Many of the people who will be welcoming the new class of Senate conservatives to Washington never wanted you here in the first place. The establishment is much more likely to try to buy off your votes than to buy into your limited-government philosophy. Consider what former GOP senator-turned-lobbyist Trent Lott told the Washington Post earlier this year: “As soon as they get here, we need to co-opt them.”
Don’t let them. Co-option is coercion. Washington operates on a favor-based economy and for every earmark, committee assignment or fancy title that’s given, payback is expected in return. The chits come due when the roll call votes begin. This is how big-spending bills that everyone always decries in public always manage to pass with just enough votes.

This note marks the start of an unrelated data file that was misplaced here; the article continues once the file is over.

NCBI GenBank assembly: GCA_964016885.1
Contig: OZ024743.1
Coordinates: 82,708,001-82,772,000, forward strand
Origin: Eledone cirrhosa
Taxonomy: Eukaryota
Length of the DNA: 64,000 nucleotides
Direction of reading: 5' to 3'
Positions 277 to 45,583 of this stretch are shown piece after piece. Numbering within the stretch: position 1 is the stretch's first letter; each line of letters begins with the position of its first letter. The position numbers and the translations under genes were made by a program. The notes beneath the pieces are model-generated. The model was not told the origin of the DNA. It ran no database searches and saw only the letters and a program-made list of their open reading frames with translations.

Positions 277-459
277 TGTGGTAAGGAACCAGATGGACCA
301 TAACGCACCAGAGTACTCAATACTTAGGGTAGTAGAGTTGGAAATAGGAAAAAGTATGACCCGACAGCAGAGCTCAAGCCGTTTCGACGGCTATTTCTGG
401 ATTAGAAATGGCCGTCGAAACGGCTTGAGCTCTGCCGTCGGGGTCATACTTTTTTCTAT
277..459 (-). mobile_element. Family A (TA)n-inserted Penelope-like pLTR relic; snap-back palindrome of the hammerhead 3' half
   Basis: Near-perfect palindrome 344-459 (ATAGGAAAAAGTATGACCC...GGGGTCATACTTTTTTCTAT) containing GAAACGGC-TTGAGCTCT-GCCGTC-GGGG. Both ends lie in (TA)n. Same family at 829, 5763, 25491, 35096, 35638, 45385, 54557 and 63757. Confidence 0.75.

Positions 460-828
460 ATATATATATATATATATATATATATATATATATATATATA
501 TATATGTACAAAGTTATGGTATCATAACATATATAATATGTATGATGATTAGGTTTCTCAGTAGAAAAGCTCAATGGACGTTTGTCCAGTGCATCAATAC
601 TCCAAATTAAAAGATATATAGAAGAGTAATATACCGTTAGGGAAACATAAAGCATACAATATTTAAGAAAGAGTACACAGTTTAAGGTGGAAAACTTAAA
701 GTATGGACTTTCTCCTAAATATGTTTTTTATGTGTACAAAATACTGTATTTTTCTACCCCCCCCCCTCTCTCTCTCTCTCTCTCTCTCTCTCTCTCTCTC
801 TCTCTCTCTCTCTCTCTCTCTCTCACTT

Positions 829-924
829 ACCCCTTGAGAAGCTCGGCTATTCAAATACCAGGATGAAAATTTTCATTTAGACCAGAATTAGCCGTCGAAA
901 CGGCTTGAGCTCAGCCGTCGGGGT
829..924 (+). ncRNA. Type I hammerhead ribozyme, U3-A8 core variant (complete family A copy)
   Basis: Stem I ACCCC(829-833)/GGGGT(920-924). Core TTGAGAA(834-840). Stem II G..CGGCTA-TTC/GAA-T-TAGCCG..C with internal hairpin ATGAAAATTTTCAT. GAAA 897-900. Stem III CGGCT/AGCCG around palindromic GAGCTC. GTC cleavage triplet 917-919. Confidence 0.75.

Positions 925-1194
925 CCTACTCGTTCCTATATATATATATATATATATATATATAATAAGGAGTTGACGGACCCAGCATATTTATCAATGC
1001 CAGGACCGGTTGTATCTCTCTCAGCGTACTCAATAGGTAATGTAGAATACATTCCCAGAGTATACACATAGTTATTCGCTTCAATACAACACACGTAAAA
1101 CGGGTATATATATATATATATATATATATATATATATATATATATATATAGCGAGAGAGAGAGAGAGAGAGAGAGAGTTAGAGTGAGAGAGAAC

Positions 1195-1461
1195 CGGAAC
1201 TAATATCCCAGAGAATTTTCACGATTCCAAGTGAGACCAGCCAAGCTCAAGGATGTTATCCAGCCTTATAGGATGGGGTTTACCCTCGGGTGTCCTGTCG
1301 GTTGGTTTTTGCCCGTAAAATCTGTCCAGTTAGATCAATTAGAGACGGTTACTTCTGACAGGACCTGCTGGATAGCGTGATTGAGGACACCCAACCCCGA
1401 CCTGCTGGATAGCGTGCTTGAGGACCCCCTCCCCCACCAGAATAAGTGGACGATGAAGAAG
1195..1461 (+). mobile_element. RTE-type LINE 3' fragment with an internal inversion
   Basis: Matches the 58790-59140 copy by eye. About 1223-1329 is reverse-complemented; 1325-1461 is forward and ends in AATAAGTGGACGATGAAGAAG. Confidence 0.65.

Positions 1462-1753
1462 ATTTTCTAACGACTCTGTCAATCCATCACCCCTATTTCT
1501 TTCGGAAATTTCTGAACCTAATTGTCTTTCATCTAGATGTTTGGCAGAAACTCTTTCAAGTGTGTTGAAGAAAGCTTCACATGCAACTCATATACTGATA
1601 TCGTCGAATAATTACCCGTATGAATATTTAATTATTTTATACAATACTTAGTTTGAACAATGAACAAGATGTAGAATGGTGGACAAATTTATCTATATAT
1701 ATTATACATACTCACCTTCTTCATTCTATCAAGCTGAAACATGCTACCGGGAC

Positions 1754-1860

But someone can’t be bribed if they aren’t for sale. Here is some humble advice on how to recognize and refuse such offers.
First, don’t request earmarks. If you do, you’ll vote for legislation based on what’s in it for your state, not what’s best for the country. You will lose the ability to criticize wasteful spending. And, if you dare to oppose other pork-barrel projects, the earmarkers will retaliate against you.
Read the whole thing.